Uganda Day 1: Water Tank Waterfall
My first full day in Kampala is coming to a close, and what a day it's been.
Some background: I found the place I'm renting on Facebook. As I've hinted at before, for a variety of reasons I wasn't exactly expecting the arrangement to be a very formal one. I imagined paying rent month-to-month and the whole thing being quite casual. That's why I was surprised today when I found myself getting on a boda to go into the city with one of the other tenants here.
Let me back up. Yesterday when I arrived, I didn't get the key/remote for the gate, so essentially I've been stuck behind the compound wall. The plan was to meet the landlady today (who lives elsewhere), pay the rent, get the remote. This morning, when this other tenant called to introduce me to the landlady, I assumed she was here, or close. Nope! Instead, as we're walking out of the compound she tells me we're going downtown and flags down two bodas.
I've been mentally preparing myself for bodas. I really wanted to get a helmet before attempting one. This was not to be.
But first, let me paint you a picture. Driving in Kampala is essentially a free-for-all. Sometimes there are lines on the road, sometimes not, but they're virtually meaningless anyway. Roads often twist and turn and merge into each other in ways I still don't fully grasp. Traffic lights are more like guidelines, and I haven't yet come across a stop sign. There are pedestrians everywhere—walking along and beside the road (the line is blurred), and crossing through this immense traffic despite the fact that there are literally almost no gaps, ever. There are a ton of cars, and for each car there must be ten of these big van taxis—there are so many. And for every big van taxi, there must be ten boda bodas. These motorcycle taxis basically fill every nook and cranny between and beside the other vehicles on the road. There's a reason they're by far the quickest way to get around—they just dart around cars/people/obstacles/each other, passengers sitting behind the boda driver. Each one of whom, by the way, seems to be completely calm and unconcerned.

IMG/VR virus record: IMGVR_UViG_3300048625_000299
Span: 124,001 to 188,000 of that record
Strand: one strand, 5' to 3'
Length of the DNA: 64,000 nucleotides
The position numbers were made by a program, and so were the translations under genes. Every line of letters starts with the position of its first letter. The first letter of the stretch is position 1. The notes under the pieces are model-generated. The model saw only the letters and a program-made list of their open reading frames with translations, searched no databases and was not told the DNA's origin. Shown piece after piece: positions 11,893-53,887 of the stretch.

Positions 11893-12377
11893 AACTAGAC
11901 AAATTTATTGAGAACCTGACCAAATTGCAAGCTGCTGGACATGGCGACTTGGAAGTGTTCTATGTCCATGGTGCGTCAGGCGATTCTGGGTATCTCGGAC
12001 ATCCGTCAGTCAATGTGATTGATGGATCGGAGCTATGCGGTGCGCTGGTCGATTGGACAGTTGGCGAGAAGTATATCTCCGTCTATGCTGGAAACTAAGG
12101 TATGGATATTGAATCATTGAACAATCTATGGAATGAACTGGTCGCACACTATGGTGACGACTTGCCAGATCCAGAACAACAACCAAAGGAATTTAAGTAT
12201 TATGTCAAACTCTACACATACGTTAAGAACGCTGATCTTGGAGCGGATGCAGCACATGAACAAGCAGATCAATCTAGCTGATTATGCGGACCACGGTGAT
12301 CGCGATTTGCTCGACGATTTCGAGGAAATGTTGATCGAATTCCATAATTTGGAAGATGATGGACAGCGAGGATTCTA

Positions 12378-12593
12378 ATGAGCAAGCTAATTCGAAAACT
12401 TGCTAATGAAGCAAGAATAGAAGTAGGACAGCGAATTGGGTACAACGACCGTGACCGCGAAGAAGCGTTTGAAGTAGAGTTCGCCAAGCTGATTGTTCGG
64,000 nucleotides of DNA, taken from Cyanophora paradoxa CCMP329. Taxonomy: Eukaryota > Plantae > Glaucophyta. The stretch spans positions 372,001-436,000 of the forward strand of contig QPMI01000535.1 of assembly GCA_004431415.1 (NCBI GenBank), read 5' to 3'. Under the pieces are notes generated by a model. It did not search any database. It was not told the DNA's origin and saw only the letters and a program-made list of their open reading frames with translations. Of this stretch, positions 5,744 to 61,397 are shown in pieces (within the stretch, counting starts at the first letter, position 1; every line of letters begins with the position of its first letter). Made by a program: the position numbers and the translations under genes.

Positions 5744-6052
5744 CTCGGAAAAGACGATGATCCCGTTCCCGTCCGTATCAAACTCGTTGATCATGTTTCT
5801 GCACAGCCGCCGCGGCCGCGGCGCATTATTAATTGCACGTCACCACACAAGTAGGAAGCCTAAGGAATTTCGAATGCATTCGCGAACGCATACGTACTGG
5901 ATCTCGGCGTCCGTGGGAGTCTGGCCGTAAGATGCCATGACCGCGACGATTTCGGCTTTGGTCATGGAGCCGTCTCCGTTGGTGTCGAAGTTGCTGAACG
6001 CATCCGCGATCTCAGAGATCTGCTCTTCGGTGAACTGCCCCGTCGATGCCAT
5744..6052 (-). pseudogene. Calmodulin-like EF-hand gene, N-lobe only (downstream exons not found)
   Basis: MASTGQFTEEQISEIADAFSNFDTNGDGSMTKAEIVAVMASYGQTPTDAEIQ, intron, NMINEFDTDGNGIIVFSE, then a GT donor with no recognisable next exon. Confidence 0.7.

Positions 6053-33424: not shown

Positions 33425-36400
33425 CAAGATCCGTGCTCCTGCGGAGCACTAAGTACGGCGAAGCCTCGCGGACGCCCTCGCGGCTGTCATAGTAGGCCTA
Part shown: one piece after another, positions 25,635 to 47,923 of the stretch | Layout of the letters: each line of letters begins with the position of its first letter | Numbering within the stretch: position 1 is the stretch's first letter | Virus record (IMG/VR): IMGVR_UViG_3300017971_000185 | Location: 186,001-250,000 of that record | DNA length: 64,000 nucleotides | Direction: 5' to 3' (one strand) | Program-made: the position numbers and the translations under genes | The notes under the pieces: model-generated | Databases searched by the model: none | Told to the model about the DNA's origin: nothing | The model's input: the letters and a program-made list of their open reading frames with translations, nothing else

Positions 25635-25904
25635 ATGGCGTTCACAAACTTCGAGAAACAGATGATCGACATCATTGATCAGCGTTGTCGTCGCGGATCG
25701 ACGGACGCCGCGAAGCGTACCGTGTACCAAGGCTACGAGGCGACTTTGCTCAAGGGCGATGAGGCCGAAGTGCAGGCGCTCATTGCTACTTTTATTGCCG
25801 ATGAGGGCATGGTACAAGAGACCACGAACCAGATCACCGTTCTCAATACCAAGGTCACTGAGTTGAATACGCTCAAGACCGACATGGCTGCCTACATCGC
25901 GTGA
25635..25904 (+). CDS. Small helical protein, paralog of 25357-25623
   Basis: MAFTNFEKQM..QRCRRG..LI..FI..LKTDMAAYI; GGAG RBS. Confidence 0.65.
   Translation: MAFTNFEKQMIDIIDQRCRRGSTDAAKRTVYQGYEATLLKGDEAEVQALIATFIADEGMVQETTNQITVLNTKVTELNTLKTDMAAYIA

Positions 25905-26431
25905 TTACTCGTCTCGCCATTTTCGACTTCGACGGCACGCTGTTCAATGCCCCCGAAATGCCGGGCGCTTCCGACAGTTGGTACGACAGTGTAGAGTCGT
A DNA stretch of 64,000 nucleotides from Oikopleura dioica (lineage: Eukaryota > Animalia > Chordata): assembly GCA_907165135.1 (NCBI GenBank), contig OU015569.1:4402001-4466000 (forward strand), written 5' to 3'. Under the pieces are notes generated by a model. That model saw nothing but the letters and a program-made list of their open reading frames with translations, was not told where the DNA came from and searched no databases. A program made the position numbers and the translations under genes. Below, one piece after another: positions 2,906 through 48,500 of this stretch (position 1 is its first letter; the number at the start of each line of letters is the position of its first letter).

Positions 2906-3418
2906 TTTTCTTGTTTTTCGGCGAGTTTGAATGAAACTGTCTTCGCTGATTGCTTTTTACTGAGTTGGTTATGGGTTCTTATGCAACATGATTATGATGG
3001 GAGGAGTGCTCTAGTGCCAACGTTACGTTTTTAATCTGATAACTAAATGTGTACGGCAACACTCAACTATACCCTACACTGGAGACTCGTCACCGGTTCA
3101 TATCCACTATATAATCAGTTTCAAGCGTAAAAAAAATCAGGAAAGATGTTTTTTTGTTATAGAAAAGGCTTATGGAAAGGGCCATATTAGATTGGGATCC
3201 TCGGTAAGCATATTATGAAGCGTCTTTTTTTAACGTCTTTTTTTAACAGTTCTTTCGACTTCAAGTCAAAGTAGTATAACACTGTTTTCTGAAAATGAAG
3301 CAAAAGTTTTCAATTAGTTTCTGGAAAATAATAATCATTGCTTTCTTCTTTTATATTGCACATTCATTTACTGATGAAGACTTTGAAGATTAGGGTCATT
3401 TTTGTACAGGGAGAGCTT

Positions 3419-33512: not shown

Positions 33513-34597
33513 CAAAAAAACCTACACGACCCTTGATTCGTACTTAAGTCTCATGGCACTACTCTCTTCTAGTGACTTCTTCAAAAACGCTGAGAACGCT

In a nutshell, the whole thing is chaos. During the limited time I've spent in cars (and now on a boda) I was sure at least a few hundred times that someone was going to get hit, whether pedestrian, boda, or vehicle.
And that is why I would very much like to buy a helmet. My boda ride today was only ten minutes, but I think I was more relieved getting off the boda than I was yesterday getting off the plane.
So we arrive downtown and meet the landlady in her office, which was at the back of a dry cleaner's she owns. We chatted briefly, at which point I found out I was expected to sign a contract and give a security deposit. News to me. Anyway, the landlady doesn't do the contract herself. Her husband is a lawyer with offices down the street a ways, so he was our next stop. Keep in mind that I walked out of my apartment expecting to meet someone very close by, so I was not exactly dressed for such a meeting, with my sweats-shorts and t-shirt.
A little while later I'm holding a draft contract. I also found out that I was expected to pay all three months' rent up front. After revising one or two of the contract terms, I signed it, paid the security deposit, and was on my way.
Mercifully, we drove back in a car.
Note that I still did not get a gate key. The landlady was supposed to stop by at 5. It's 8:16 and she's a no-show. That's a call I'll have to make tomorrow.